The topic was Medicaid expansion, but House Speaker Mike Chenault sounded like the late Yogi Berra in an interview with Anchorage NBC affiliate KTUU: "There's more information that people are looking for and there's not enough certainty one way or the other to either go forward with the lawsuit or to dismiss the lawsuit."
And if you come to a legal fork in the road, take it.
Better yet, just drop it.
Somehow, it was no surprise that the Legislative Council emerged from a secret meeting in late September and refused to shut down its court fight against the Walker administration over whether the governor can approve Medicaid expansion this year. After all, the council members had decided during the summer it was smart strategy to pay the lawyers in advance. That might have something to do with it.
Stopping when only a limited effort had been expended would make it harder to justify the $100,000 signing bonus given to Bancroft LLC, or the $150,000 the firm will collect "when services in the Superior Court are completely rendered."
The flat fee obscures the typical hourly rates commanded by the Washington, D.C., attorneys -- from $500 an hour to $1,350 per hour. The Bancroft team would collect an additional $150,000 if the matter returns to the Alaska Supreme Court.
The agreement does not require a certain number of hours of work and it does not allow extra expense money for travel, which explains why the attorneys have not appeared in person, but through the miracle of Skype. The lawyers are not licensed in Alaska, so legislators also hired the firm of Holmes Weddle & Barcott to assist, paying $290 an hour to attorney Tim McKeever in Anchorage.
You may recall that legislative leaders blocked a vote on Medicaid expansion last spring -- fearing it would be approved by a majority of their colleagues -- and tried to stop the expanded coverage with a late summer lawsuit.
The sensible way to resolve this issue is for lawmakers to place Medicaid expansion on the agenda for an extra special session at the same time as the gas line special session later this month and put it to a public vote. There certainly were enough hearings early this year to make an up-or-down decision.
This is a political fight about a major policy call, disguised as a battle of principle.
Last November, the Legislative Affairs Agency told lawmakers exactly how they could amend state law to block expansion by the governor if that's what lawmakers wanted to accomplish. But instead of dealing with this question directly, legislators opted for the courts, a wasteful distraction.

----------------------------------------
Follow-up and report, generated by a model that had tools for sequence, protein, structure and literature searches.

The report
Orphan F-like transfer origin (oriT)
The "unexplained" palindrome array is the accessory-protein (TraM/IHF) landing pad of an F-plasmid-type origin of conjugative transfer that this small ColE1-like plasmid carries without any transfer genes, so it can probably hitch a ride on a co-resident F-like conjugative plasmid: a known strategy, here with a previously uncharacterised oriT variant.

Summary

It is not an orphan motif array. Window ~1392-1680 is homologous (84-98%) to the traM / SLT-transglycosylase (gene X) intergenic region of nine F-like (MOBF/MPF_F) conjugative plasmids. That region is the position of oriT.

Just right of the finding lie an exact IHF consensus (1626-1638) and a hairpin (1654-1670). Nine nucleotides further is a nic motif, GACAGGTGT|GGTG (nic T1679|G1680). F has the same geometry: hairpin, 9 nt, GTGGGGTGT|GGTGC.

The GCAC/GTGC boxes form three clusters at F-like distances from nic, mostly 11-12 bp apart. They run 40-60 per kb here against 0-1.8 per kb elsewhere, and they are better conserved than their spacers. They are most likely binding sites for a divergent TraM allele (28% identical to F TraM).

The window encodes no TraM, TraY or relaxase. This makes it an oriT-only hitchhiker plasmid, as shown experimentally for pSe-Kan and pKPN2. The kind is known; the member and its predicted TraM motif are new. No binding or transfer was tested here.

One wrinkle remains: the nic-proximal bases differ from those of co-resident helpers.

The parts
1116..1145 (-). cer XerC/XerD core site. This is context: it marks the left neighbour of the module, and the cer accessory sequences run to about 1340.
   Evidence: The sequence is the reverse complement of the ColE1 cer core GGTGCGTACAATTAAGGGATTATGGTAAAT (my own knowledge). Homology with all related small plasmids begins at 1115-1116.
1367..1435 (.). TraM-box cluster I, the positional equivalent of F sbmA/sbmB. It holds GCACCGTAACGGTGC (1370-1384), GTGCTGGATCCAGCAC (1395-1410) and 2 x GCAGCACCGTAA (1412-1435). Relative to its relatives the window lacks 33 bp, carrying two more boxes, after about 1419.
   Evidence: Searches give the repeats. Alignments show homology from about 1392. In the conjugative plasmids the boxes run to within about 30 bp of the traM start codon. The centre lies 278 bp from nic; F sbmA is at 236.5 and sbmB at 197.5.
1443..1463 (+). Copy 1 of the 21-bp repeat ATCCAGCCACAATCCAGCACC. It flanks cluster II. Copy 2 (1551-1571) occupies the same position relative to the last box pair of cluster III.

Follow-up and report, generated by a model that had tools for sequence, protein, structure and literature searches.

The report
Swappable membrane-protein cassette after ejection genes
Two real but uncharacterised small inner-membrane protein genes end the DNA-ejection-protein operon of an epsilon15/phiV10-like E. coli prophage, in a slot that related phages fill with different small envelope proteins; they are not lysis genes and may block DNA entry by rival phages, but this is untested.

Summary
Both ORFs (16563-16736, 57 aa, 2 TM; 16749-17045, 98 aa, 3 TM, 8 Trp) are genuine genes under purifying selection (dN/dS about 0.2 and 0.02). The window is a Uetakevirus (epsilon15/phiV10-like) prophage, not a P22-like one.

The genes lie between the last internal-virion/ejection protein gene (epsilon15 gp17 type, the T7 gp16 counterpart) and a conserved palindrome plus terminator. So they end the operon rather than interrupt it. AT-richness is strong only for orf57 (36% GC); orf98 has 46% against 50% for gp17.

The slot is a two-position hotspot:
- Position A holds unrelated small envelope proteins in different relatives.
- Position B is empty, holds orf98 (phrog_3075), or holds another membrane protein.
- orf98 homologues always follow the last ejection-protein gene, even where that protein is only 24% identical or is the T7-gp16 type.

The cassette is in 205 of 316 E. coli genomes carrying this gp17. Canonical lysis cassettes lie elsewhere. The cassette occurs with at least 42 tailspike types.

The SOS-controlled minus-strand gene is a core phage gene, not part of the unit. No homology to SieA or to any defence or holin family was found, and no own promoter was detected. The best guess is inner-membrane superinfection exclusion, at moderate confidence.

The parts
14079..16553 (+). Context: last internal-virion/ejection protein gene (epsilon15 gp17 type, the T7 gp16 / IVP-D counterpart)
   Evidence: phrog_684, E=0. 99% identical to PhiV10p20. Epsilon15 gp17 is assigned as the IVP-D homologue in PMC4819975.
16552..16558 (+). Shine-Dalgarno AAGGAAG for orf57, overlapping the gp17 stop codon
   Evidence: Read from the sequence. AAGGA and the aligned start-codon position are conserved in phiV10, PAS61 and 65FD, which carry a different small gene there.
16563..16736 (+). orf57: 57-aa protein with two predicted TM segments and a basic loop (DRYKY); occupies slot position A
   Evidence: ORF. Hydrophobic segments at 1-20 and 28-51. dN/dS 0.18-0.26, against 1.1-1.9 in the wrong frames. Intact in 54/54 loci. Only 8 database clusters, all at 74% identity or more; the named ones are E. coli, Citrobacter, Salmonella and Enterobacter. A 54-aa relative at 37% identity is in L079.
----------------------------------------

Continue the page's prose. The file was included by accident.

In their lawsuit, legislators said providing additional health coverage to low-income people the way Walker has done "threatens to engender massive confusion and foster unfounded reliance interests on the part of the Alaskans who will be given the erroneous impression that they are covered by Medicaid when that is not, in fact, so."
The Washington, D.C., attorneys failed to persuade a Superior Court judge or the Alaska Supreme Court to issue an injunction stopping Walker. The revised version of their complaint excludes that dire warning, so perhaps massive confusion has not been engendered.
The early signs from the courts have not been promising for the legislative point of view. Anchorage Superior Court Judge Frank Pfiffner said in his first decision that "the council has made no clear showing of success on the merits" of the case.
In his Aug. 28 ruling, Pfiffner said that while legislators predicted that the system would "careen into chaos" when expansion took place, he saw no evidence that would happen. And if it did, he said, there was a simple solution -- the state could opt out of the program.
Given the enormous financial challenges facing the state, this lawsuit ought to be abandoned, even with the $250,000 already committed to the D.C. lawyers. As a lawsuit over a narrow procedural question, the case does not address the future of Medicaid or the merits of providing health coverage to more Alaskans. That much is certain.
The views expressed here are the writer's own and are not necessarily endorsed by Alaska Dispatch News, which welcomes a broad range of viewpoints.